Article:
Why Neil Young Has No Worries – by Deborah Levine

Neil Young is now in his sixties, with many great achievements and awards, including MusiCares Person of the Year. When Young received the honor given his decades of work with Farm Aid and Bridge School Concerts, some of the most famous musicians in the business serenaded Young with his own songs: Elton John, James Taylor, Dave Matthews, Sheryl Crow Leon Russel, and Keith Russell. Young was quoted as saying that he’d forgotten how many songs he’d written. When did cultural superstar Young hit retirement age? He’s at the point in his life when he either 1) created so many songs he lost count or 2) really can’t remember. Not to worry, Neil.


This kind of confusion happens when you’re talented, successful and 64 – and the culture loves you. Jack Black was the emcee at the event. Black talked about how the young singers on stage had been influenced by Young’s unique style. How ironic! Black and the young’uns weren’t even born when Young began his career. But I was, and I sat in the audience at Young’s debut all those years ago. 
I was a student at New York University in NYC in 1971. I attended the Greenwich Village campus and got to experience the Village culture in all its glory. Singers and dancers performed in the lofts and modest studios in every nook and cranny in the Village. Singers at free public concerts in the park were commonplace as were artist exhibiting their work on the sidewalk. The wild artistry of the sixties was still with us; the commercialized disco era wasn’t yet launched.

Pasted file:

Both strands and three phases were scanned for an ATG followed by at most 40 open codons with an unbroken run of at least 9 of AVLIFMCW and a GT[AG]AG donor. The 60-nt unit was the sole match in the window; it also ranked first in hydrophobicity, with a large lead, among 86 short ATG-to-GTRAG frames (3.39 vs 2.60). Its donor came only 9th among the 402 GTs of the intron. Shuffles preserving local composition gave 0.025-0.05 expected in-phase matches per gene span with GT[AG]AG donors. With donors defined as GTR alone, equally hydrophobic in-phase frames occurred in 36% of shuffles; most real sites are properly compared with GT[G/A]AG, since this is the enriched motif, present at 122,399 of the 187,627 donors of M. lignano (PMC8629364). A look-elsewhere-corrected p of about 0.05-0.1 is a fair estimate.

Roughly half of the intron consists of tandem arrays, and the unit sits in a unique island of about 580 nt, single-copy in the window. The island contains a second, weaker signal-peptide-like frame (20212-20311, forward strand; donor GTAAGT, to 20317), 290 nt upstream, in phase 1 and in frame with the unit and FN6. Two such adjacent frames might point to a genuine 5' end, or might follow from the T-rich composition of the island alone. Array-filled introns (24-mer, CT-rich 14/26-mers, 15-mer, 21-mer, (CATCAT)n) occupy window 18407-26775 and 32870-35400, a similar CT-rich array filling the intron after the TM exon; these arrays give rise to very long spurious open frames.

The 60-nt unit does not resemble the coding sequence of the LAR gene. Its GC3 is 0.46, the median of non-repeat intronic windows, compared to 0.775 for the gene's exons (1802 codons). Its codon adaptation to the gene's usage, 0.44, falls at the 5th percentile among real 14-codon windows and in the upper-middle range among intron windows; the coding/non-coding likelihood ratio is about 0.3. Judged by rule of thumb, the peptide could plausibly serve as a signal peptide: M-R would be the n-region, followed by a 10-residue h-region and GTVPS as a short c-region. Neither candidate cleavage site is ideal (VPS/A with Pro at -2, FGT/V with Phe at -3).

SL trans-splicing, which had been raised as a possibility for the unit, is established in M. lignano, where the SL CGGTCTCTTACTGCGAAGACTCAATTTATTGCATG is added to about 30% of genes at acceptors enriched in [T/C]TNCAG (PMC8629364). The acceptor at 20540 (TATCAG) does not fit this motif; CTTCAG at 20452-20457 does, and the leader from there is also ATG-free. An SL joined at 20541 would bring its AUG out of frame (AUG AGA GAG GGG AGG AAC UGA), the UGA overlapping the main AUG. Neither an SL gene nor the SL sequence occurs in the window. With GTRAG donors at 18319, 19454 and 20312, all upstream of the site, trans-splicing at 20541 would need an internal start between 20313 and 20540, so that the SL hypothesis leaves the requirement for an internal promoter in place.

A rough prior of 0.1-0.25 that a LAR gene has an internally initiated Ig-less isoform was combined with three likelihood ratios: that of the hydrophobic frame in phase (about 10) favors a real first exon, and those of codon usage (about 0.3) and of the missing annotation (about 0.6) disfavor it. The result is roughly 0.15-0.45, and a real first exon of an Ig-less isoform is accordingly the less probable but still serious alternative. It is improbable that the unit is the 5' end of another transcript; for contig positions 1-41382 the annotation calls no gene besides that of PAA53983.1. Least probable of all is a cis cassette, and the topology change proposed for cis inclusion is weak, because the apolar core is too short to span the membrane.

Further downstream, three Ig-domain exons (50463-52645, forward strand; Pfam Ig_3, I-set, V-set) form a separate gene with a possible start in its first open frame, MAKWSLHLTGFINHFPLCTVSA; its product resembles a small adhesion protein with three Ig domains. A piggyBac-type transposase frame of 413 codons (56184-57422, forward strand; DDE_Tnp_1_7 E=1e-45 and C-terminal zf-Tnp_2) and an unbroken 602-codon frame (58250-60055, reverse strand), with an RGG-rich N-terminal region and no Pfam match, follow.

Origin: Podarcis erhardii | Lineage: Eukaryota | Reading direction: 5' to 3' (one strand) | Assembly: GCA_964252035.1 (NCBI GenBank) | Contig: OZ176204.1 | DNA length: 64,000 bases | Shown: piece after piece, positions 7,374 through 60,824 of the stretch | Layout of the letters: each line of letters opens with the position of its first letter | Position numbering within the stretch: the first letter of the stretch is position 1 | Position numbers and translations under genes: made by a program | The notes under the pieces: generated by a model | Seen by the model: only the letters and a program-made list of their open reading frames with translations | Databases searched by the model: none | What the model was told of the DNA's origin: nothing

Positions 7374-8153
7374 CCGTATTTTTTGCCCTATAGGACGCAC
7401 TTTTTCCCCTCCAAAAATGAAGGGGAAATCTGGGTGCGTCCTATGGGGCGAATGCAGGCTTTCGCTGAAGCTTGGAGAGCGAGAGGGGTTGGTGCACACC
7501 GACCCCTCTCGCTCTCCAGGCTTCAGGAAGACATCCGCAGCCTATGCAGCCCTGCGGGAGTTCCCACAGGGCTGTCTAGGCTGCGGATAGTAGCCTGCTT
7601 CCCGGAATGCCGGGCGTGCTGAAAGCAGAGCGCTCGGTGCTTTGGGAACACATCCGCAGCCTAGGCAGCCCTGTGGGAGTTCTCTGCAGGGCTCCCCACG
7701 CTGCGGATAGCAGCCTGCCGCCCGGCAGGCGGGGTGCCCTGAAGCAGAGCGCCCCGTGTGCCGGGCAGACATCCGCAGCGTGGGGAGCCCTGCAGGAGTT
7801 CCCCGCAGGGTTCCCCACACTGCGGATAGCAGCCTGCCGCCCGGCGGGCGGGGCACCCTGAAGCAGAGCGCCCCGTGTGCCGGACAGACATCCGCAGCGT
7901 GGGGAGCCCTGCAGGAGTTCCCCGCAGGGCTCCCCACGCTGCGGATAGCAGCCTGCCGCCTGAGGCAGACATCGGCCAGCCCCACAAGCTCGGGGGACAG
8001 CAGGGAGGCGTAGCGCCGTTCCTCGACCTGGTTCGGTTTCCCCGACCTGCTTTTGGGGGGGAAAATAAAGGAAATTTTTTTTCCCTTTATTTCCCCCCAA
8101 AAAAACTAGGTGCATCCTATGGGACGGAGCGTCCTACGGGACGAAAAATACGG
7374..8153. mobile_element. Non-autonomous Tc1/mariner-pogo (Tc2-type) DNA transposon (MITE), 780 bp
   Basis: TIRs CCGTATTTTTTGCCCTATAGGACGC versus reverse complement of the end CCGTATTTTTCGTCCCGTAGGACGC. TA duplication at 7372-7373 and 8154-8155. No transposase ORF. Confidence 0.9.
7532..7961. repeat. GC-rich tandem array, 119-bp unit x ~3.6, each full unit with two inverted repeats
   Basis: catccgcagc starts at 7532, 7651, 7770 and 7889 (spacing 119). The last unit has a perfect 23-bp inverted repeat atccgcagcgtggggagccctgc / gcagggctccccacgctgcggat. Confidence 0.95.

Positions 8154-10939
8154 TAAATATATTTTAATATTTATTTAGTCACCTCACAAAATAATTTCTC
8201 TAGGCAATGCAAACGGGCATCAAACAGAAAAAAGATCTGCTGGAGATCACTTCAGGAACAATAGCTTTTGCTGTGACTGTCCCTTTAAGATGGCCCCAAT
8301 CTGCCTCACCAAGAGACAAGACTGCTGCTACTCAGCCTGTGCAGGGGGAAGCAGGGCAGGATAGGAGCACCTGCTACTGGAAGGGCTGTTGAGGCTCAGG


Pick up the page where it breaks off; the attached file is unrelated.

I hung out with friends at the NYU radio station. We listened to singers like Carol King, Carly Simon and James Taylor who were just emerging on the music scene. So much social change was in the air, but not fully formed. We had no idea that any of them would become a superstar, especially the women singers. A fellow student argued with me that women singers would never equal the fame of their male counterparts. I objected, naming several famous women. They happened to be African American and in a sign of the times, he said famous women singers who were African American didn’t count.

One winter evening, the radio crowd decided to go to the Village in freezing weather for the debut concert of a new, unknown singer named Neil Young. I tagged along and found myself in a large, run-down studio with chairs set up theater style. Going to the public bathroom in that building was part of experiencing the music scene, an art form in itself. The stage was slightly elevated in theater-in-the-round style. A lone singer was seated on a wooden chair, playing his guitar and singing into a single microphone.

Dressed unremarkably in jeans, Neil Young sported a full head of dark hair partly obscured his face. It was the style in the Village during Sixties, a style that Young stayed with even with fame and fortune. He closed his eyes and tuned out the raucous audience, losing himself in the music. He was the post child for Artist-at-Work and some things haven’t changed since.

Editor

Deborah Levine is an award-winning, best-selling author of 14 books. As Editor of the American Diversity Report, she received the 2013 Champion of Diversity Award from diversitybusiness.com and the Excellence Award from the Tennessee Economic Council on Women. Her writing about cultural diversity spans decades with articles published in The American Journal of Community Psychology, Journal of Public Management & Social Policy, The Bermudian Magazine, and The Harvard Divinity School Bulletin. She earned a National Press Association Award, was a Blogger with The Huffington Post, and is featured on C-Span/ BookTV.
Editor